Managing Up Starts at the Top
by Lynn Taylor
Founder and CEO, Lynn Taylor Consulting
Excellent people are at the heart of every organization. Unfortunately, when faced with negative and ineffective bosses, these employees often find themselves looking for the nearest exit sign.
However, there is a proactive step that you can take to help boost morale and retain top talent. As a leader, you are most influential in encouraging your employees to “manage up.” It creates a win-win-win: for the employee, boss, and the company. It’s a practice that is most often associated with your employees being proactive problem solvers with their bosses, using strong people skills, and indirectly modeling positive behaviors.
Managing up is not an approach most employees automatically consider when dealing with their boss’s challenging behavior. So it’s incumbent upon you to first need to create an environment where managing up is embraced, not just encouraged
Make it clear to your managers that you expect them to be open to employee initiatives and solutions. You can help educate your employees directly, but you should also discuss with Human Resources ways in which such programs can be communicated. For example, when employees face challenges, confusion or frustration from above, the first step in managing up is to understand the root cause and triggers, before they escalate.
Employees will manage up most effectively when they can anticipate their boss’s needs. Many negative behaviors stem from feeling out of control - and employees can address this by striving to help their boss feel as if her needs are being addressed, promptly and efficiently. Employees can:
- Evaluate upcoming deadlines and offer to make a priority list of projects that can be moved ahead; suggesting resources and timelines.
- Step in and offer support, sympathy, feedback and yes, even praise when warranted.
- Reviewing open projects and tasks regularly, providing reassurance that everything is under control.
- Remain aware of projects outside their own scope that are of higher priority to their bosses so they know when to push and when to retreat.
- Work with other team members where possible to lighten the boss’s load.
The next step is to establish an open communication channel between manager and employee. Your role as leader should include encouraging regular meetings between managers and their employees and sharing these guidelines for communication:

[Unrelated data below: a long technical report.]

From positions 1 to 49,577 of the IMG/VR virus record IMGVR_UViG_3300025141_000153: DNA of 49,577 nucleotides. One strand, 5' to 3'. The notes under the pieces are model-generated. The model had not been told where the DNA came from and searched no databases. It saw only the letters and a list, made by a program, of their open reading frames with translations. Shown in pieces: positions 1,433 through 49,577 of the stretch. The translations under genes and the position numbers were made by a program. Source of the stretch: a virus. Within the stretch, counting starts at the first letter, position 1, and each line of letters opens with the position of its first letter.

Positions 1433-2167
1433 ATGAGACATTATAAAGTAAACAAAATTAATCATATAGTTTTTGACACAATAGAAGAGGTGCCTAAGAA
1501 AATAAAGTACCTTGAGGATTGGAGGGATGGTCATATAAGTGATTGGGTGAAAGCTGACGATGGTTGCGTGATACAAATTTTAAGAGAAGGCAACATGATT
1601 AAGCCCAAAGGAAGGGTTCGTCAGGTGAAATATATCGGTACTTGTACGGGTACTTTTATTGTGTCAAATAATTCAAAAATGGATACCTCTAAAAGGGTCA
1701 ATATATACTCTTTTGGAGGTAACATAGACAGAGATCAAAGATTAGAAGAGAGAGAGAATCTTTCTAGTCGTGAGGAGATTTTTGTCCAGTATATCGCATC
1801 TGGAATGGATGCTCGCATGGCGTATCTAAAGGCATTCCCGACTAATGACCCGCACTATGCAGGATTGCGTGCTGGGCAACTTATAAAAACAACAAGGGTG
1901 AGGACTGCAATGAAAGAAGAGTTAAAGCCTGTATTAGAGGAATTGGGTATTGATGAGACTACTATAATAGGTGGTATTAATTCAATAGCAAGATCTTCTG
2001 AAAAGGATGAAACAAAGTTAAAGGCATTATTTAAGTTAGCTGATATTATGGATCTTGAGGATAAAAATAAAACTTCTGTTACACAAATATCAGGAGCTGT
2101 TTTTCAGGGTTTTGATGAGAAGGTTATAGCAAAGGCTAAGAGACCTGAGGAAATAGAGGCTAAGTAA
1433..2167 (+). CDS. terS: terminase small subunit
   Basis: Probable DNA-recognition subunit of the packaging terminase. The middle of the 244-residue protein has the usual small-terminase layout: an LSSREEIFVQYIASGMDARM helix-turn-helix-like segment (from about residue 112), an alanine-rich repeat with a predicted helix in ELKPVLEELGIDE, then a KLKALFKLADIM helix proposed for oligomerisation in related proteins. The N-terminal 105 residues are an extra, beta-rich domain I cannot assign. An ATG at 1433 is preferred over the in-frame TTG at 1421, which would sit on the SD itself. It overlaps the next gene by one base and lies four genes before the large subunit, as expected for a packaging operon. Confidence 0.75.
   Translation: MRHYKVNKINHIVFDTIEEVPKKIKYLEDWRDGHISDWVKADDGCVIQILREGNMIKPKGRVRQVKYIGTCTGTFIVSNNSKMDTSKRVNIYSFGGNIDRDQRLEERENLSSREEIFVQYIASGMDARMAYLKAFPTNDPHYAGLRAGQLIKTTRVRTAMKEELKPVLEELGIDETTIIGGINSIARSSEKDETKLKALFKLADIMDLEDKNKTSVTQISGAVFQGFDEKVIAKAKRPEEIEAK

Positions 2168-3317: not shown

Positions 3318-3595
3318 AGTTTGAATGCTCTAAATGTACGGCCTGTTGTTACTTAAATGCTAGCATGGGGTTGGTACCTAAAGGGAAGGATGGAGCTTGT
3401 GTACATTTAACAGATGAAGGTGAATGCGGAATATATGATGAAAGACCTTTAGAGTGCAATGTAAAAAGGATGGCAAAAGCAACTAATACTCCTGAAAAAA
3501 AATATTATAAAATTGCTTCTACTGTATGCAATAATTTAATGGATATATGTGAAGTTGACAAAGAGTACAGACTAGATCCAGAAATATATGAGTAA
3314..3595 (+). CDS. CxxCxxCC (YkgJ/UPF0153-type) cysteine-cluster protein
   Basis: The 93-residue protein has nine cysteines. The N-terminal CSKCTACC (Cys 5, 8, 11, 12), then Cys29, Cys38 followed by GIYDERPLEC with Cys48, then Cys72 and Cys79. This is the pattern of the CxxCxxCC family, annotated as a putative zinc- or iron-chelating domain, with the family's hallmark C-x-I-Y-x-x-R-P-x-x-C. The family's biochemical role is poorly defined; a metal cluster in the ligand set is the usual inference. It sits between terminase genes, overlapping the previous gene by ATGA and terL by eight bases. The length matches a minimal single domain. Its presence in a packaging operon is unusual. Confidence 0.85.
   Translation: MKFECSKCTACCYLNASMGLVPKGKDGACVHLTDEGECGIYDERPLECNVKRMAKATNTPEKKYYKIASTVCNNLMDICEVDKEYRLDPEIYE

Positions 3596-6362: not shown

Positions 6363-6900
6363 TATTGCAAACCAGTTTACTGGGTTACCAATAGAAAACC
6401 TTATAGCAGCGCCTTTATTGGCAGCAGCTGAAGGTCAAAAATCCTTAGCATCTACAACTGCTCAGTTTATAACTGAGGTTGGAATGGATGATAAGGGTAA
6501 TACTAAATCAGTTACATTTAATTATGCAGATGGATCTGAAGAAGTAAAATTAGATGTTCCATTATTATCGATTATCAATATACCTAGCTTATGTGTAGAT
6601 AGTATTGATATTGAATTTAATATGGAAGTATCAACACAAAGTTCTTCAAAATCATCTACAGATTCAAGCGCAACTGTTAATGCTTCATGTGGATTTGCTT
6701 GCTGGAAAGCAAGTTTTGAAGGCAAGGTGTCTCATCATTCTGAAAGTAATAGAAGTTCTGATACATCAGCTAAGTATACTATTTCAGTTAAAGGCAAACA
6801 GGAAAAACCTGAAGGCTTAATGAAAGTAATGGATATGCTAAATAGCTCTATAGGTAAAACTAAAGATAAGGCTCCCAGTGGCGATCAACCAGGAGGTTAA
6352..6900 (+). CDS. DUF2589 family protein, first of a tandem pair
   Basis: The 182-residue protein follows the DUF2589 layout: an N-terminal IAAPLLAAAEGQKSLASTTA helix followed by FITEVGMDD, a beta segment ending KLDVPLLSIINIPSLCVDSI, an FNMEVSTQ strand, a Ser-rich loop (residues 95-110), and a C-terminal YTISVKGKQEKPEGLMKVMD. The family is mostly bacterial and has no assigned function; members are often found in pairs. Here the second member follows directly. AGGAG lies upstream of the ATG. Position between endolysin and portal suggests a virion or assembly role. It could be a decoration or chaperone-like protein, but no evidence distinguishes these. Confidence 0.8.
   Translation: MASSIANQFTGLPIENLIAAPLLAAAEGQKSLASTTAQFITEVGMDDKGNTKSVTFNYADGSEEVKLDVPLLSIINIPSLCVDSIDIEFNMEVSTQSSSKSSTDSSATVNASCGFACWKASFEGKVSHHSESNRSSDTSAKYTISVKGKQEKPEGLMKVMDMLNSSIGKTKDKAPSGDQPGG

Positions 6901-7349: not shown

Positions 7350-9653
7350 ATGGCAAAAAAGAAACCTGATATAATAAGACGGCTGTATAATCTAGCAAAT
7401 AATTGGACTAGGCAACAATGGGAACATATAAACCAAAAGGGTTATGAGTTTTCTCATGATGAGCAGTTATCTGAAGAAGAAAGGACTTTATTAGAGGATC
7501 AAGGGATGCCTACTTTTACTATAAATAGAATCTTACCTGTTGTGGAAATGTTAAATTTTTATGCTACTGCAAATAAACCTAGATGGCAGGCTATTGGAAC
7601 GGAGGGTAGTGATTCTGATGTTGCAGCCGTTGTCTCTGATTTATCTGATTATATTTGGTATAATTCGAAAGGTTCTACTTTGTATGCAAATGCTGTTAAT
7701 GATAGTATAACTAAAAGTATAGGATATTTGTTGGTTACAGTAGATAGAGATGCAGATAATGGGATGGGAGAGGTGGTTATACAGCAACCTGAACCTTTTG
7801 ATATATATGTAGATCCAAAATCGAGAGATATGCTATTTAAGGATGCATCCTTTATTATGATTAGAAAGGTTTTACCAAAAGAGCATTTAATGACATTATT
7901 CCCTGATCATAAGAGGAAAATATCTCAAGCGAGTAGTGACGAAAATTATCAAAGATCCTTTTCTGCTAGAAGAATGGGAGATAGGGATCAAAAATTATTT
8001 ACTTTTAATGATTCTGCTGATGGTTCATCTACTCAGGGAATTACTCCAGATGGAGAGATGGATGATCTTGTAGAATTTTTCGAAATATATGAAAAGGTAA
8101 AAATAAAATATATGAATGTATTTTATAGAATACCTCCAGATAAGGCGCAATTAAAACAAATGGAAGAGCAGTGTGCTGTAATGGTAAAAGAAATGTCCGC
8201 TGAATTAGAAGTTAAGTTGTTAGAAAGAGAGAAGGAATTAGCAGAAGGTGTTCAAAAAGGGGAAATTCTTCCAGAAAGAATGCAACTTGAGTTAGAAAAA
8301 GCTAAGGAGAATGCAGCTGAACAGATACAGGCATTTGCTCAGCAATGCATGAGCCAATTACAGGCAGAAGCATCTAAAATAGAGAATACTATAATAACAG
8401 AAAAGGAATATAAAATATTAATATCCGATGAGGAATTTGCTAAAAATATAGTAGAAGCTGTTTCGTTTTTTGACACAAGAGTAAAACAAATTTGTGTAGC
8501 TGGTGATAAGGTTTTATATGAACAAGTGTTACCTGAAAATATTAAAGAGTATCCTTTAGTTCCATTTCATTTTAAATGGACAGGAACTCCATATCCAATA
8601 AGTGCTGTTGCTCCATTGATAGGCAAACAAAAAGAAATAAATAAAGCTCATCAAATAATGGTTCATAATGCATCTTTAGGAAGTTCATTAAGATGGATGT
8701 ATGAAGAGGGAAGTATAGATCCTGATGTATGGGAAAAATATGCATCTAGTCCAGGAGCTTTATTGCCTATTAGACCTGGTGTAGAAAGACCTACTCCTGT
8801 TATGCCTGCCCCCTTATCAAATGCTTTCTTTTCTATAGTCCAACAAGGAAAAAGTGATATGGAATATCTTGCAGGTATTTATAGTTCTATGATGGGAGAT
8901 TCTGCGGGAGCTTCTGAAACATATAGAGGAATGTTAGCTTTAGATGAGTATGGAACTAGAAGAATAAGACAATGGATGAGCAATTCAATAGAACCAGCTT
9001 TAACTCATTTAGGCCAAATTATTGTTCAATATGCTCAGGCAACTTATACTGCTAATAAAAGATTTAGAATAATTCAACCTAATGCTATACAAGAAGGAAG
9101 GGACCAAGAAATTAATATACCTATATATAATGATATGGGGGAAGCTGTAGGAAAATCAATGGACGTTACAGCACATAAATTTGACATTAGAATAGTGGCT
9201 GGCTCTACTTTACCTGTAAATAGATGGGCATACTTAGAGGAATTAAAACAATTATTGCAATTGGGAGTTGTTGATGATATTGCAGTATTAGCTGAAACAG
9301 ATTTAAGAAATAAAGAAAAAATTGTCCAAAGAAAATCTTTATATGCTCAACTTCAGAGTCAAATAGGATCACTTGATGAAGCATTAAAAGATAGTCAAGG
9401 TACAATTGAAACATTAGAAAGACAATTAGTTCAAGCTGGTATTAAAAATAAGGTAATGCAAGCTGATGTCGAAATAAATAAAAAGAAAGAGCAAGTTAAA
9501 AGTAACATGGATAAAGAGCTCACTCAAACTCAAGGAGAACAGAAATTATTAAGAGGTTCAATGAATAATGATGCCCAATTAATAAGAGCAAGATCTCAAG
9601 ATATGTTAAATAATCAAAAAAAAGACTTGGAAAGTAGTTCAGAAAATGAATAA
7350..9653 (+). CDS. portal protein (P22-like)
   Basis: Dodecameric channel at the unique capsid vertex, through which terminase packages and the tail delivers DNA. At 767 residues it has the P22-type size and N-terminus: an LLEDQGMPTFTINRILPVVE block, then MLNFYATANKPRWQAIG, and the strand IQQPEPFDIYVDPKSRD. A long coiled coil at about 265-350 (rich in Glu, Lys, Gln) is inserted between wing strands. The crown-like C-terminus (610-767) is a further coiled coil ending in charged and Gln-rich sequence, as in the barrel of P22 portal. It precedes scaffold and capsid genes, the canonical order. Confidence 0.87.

- Employees should attempt to keep communication as positive as possible, but remain honest about problems they’re facing.
- Conversations should be brief, and solution-oriented.
- Set up weekly or bi-weekly meetings to provide progress updates and devise new goals together.
- Study the manager’s schedule and behavioral patterns in order to approach him at the most opportune time.
- Communicate early when things change with plenty of advance notice and reassurance that all of her work will be completed.
- Positive feedback and gratitude towards a manager’s actions will reinforce good behavior.
Naturally, employees and managers should engage in regular communications, even when no major problems exist. It provides a platform for positive collaboration, as well as a safety net for when problems do arise.
The final step in managing up is to encourage employees to stay positive and supportive. Employees should remember to:
- Remain calm when things go wrong and laugh at your own mistakes.
- Reinforce the good work that’s been accomplished, especially when a manager has made a poor decision
- Keep conversation friendly and light, including incorporating humor into their communication
- Avoid pointing fingers or picking at someone’s faults
- Strive to be someone with whom your boss and colleagues would like to interact.
In fact, one of the acronyms I like to use is C.A.L.M.: Communicate, Anticipate, Laugh and Manage. Everyone appreciates a relaxed atmosphere, and we all know that humor IS contagious.
By incorporating these managing up techniques, your entire team will feel more empowered and in control as problems arise. With gentle guidance from you, your managers can evaluate their leadership style and embark on a path to improve their approach, and your employees can help them banish bad behavior by deftly modeling better ways to “enact and react” in the office.
Managing up lowers stress and friction - and increases collaboration, productivity, and profitability. And it can best be initiated…from the top down!